Sinking ship: NRMA's trade mark case lost at sea

The Federal Court of Australia in National Roads and Motorists’ Association Limited v Construction, Forestry, Maritime, Mining and Energy Union [2019] FCA 1491 has handed down an important trade mark decision in the context of a highly publicised industrial dispute.

The National Roads and Motorists Association (NRMA), through its subsidiary My Fast Ferry Business (MFF), operates a high-speed ferry service between Manly and Circular Quay.

Since September 2018, the NRMA and the Maritime Union of Australia (MUA) (a division of the Construction, Forestry, Maritime, Mining and Energy Union (CFMEU)) have been engaged in an industrial dispute in relation to the wages and conditions of MFF’s employees.

The dispute escalated at the NRMA’s Annual General Meeting, when MUA members handed out pamphlets criticising the NRMA. Importantly, these pamphlets featured an image of a sinking ship bearing the name “NRMA”.

 (the Ship Logo). 

The logo was used alongside the tagline “Don’t let wages sink to the bottom of Sydney Harbour”.

In response, the NRMA commenced urgent proceedings out of the Federal Court of Australia, alleging that the CFMEU had (among other things) infringed its registered trade marks (including the below):

The decision

The Court found that the Ship Logo was deceptively similar to NRMA’s trade mark.

Both shared the same essential feature, being the acronym “NRMA”. Therefore, there was a real and tangible danger that a person would confuse the two.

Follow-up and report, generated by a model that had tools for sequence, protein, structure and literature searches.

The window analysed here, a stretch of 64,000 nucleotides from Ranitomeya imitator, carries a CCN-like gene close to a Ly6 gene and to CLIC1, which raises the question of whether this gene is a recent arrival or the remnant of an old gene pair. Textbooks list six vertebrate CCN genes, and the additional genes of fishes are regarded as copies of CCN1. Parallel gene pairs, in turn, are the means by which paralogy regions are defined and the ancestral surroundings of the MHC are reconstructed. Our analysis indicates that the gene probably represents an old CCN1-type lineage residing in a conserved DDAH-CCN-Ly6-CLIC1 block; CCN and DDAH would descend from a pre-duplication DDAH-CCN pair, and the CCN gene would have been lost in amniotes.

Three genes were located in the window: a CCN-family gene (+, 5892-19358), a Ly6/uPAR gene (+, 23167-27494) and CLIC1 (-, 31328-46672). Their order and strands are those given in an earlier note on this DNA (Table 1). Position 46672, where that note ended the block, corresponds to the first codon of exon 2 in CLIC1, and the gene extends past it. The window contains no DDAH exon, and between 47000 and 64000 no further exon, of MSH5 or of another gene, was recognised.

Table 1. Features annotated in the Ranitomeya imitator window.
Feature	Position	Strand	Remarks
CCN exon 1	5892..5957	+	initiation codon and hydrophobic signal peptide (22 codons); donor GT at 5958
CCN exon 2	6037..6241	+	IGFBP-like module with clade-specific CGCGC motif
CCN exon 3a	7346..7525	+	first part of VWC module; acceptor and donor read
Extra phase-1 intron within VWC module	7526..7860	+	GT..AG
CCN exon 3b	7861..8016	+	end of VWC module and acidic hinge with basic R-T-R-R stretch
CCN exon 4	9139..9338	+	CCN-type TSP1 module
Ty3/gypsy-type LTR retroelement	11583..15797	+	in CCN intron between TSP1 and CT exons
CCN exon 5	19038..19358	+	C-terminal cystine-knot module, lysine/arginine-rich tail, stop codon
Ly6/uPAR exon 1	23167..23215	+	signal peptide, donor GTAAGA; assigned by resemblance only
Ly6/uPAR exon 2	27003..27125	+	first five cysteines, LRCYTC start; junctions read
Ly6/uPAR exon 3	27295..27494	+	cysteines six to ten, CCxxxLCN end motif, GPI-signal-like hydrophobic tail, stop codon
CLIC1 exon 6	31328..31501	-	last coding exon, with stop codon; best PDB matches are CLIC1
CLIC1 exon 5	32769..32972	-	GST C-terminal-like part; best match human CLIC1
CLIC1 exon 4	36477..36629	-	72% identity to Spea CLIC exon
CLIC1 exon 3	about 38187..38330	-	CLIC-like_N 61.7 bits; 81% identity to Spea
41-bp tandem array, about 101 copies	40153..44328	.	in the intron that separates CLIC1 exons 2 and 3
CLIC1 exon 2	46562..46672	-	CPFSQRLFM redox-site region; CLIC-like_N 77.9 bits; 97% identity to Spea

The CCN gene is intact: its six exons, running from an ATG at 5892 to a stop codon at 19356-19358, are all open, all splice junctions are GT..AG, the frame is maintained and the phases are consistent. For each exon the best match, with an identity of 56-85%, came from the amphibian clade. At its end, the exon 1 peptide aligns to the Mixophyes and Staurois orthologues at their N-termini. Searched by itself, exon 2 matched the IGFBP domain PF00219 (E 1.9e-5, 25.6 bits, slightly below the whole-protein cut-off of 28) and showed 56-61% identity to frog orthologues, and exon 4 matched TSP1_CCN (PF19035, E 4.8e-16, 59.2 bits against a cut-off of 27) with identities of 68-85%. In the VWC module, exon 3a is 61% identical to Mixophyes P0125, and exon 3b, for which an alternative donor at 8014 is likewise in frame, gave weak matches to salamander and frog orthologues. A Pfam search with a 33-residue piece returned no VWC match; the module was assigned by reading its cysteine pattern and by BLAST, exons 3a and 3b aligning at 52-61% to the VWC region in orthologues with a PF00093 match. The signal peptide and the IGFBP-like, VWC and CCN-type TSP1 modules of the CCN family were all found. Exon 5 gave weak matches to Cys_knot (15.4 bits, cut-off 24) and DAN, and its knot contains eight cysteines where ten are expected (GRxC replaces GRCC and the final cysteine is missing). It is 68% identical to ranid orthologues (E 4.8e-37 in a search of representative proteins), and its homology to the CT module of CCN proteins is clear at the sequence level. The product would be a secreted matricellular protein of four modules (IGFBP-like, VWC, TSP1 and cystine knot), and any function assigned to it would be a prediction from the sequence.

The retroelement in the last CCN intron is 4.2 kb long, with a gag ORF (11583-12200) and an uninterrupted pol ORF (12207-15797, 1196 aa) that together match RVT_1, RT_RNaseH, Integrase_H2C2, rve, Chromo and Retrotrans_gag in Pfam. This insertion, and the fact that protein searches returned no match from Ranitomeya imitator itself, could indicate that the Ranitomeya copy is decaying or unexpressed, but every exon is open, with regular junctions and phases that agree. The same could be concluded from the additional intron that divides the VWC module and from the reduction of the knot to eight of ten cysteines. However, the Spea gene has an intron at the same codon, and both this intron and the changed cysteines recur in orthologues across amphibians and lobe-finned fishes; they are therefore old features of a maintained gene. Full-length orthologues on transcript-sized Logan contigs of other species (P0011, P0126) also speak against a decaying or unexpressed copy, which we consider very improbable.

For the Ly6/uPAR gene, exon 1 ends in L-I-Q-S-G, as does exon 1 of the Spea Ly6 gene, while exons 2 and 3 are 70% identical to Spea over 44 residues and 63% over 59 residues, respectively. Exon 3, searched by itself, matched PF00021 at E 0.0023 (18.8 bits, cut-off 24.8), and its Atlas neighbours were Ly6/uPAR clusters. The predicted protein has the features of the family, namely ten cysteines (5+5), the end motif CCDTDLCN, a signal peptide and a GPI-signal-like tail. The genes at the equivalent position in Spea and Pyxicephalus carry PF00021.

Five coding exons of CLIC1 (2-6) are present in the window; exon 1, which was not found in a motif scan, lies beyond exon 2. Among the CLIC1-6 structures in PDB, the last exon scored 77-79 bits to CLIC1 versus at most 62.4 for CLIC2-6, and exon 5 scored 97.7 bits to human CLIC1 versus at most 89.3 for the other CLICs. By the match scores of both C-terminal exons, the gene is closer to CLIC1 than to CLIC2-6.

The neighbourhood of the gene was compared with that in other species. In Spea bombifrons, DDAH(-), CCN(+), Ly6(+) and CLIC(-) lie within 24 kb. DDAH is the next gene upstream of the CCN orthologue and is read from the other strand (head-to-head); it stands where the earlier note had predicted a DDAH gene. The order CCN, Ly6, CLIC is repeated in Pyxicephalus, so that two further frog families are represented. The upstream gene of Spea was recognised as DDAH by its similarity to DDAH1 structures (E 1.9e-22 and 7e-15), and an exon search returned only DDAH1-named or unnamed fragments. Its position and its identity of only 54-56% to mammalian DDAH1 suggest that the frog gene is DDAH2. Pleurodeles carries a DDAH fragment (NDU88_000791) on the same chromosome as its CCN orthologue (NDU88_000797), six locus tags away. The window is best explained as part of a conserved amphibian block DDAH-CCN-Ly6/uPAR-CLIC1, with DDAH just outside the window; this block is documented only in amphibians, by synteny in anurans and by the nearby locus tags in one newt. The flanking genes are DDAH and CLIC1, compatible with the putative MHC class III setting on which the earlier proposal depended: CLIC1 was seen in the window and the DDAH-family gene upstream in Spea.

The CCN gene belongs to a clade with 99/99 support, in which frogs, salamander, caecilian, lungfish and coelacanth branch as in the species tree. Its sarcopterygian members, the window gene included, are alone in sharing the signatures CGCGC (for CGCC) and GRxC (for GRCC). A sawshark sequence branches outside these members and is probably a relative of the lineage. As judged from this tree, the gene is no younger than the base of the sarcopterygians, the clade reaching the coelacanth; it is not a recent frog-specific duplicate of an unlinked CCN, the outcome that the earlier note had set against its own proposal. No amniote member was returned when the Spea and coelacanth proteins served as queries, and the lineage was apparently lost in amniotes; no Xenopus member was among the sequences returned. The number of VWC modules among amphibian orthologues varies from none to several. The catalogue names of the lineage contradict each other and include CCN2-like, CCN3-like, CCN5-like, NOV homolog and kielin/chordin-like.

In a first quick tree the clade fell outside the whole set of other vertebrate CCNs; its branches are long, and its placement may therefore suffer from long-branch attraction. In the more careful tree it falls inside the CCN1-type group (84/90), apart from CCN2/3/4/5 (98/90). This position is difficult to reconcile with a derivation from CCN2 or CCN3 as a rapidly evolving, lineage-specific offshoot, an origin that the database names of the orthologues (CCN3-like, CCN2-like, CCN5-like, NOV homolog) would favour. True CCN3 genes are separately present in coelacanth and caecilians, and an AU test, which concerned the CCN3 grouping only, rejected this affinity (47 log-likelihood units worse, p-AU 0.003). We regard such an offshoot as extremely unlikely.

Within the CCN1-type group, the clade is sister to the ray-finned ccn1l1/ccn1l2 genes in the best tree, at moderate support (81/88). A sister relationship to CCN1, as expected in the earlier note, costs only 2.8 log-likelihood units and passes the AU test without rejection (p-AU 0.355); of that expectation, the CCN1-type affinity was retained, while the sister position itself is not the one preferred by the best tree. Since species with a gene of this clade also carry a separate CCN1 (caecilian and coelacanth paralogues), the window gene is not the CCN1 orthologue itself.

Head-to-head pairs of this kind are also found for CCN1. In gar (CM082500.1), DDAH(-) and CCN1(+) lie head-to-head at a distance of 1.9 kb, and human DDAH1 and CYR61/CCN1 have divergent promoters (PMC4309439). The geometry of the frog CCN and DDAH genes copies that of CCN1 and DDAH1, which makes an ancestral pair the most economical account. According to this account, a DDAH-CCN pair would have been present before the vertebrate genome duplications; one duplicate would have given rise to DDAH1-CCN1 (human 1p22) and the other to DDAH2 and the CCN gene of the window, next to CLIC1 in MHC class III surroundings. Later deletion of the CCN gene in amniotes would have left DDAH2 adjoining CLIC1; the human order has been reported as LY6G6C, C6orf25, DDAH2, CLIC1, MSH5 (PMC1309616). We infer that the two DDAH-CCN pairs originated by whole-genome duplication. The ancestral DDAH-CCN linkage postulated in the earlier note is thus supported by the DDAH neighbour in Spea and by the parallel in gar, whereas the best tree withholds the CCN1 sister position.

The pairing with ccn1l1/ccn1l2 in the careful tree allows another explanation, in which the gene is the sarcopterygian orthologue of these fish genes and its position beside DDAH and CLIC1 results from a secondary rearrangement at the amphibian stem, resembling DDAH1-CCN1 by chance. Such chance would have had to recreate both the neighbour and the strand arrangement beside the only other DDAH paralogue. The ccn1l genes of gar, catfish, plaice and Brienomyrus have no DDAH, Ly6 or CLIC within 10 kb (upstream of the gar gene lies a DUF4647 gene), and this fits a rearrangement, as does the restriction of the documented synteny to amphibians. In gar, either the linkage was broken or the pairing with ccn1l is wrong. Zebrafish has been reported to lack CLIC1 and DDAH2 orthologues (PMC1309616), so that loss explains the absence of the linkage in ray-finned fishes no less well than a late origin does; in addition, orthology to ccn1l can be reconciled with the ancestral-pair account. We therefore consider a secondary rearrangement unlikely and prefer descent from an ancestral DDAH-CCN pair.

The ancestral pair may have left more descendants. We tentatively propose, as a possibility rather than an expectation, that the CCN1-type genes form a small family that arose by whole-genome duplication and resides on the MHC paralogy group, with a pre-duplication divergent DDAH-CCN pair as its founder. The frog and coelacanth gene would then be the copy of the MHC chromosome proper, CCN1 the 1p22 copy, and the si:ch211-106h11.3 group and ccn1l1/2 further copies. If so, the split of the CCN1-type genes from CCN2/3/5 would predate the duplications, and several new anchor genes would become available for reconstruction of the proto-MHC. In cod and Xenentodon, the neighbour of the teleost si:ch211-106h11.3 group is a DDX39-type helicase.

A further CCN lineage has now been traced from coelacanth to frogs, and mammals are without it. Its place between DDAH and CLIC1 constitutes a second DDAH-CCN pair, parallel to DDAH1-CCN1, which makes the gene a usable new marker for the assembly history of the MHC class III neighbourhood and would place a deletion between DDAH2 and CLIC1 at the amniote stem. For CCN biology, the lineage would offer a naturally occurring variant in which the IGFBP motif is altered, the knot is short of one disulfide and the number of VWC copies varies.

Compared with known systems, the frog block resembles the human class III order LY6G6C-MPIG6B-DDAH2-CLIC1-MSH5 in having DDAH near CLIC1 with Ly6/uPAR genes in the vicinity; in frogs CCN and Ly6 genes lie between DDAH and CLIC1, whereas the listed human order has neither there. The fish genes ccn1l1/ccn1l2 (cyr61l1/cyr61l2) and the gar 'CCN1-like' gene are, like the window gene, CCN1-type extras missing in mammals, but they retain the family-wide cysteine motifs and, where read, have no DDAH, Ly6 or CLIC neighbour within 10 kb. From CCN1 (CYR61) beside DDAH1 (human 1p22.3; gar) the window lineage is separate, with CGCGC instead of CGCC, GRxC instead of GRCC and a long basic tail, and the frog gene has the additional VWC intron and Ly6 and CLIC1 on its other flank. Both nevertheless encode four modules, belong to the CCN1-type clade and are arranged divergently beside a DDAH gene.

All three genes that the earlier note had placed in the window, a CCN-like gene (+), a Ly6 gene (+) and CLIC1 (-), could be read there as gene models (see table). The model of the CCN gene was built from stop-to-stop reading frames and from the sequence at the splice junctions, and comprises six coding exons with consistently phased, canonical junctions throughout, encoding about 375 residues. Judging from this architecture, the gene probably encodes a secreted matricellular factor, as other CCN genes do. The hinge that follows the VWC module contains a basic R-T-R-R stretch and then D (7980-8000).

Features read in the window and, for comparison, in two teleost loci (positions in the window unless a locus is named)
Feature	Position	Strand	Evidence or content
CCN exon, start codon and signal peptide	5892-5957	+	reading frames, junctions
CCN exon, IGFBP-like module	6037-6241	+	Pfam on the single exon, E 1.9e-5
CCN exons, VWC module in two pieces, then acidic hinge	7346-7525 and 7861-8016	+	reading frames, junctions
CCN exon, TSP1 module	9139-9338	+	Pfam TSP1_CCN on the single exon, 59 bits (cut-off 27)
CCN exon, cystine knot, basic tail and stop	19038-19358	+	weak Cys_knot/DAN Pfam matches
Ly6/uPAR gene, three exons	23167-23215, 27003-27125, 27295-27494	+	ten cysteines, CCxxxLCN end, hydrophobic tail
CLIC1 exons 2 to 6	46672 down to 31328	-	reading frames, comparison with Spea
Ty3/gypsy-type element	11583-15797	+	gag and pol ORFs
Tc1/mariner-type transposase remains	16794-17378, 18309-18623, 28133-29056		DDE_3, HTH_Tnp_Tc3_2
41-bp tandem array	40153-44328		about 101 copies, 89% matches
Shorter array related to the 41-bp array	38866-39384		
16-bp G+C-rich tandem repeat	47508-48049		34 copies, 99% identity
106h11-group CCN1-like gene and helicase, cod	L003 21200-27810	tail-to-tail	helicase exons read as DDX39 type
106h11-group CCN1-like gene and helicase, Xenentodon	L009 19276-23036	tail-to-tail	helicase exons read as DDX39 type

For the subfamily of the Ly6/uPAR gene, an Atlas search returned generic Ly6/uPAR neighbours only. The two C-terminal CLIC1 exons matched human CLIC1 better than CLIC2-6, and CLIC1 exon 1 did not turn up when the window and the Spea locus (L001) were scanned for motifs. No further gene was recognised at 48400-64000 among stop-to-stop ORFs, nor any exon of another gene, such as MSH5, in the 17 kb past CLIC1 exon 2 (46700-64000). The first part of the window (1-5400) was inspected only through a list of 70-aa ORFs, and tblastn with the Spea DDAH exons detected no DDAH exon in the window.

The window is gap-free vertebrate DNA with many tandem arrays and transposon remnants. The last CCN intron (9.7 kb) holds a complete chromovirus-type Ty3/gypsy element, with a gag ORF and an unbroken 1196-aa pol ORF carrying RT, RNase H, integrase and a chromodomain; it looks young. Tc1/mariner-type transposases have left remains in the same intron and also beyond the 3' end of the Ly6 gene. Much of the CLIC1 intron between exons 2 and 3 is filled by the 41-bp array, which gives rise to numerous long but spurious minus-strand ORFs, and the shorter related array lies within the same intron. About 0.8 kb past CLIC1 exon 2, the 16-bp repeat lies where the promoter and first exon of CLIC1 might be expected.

Despite this confusion, NRMA’s claim failed, as it could not demonstrate that the MUA used the Ship Logo as a trade mark.

The purpose of a trade mark is to act as a “badge of origin”. A trade mark must indicate a connection, in the course of trade, between goods or services and the person who applies the mark to those goods or services.”1

The Ship Logo was used in the context of industrial action against the NRMA. By using the Ship Logo, the MUA was not trying to indicate a connection between goods or services provided in the course of trade. Rather, the Ship Logo drew attention to the NRMA, being the organisation to which the industrial action was directed.

Accordingly, MUA did not use the Ship Logo as a trade mark; therefore, the NRMA’s trade mark infringement claim failed.

Lavan comment

An owner of a registered trade mark is entitled to commence an infringement action, in circumstances where a competitor uses a deceptively similar brand.  

However, a plaintiff must also prove that the competitor uses the brand as a trade mark, so as to indicate a connection between the competitor and its good and/or services. This may not always be clear, and it is recommended you seek professional advice before issuing a cease and desist letter (or commencing proceedings).

Further, if you intend to use a competitor’s brand (for example, in comparative advertising), it is important to seek legal advice as to whether such use could constitute use as a trade mark (exposing you to an infringement action).

If you require advice in relation to trade mark use, do not hesitate to contact Iain Freeman or Andrew Sutton.

Disclaimer – the information contained in this publication does not constitute legal advice and should not be relied upon as such. You should seek legal advice in relation to any particular matter you may have before relying or acting on this information. The Lavan team are here to assist.
Iain Freeman
Andrew Sutton
Senior Associate
Intellectual Property & Technology


[1] National Roads and Motorists’ Association Limited v Construction, Forestry, Maritime, Mining and Energy Union [2019] FCA 1491, [114].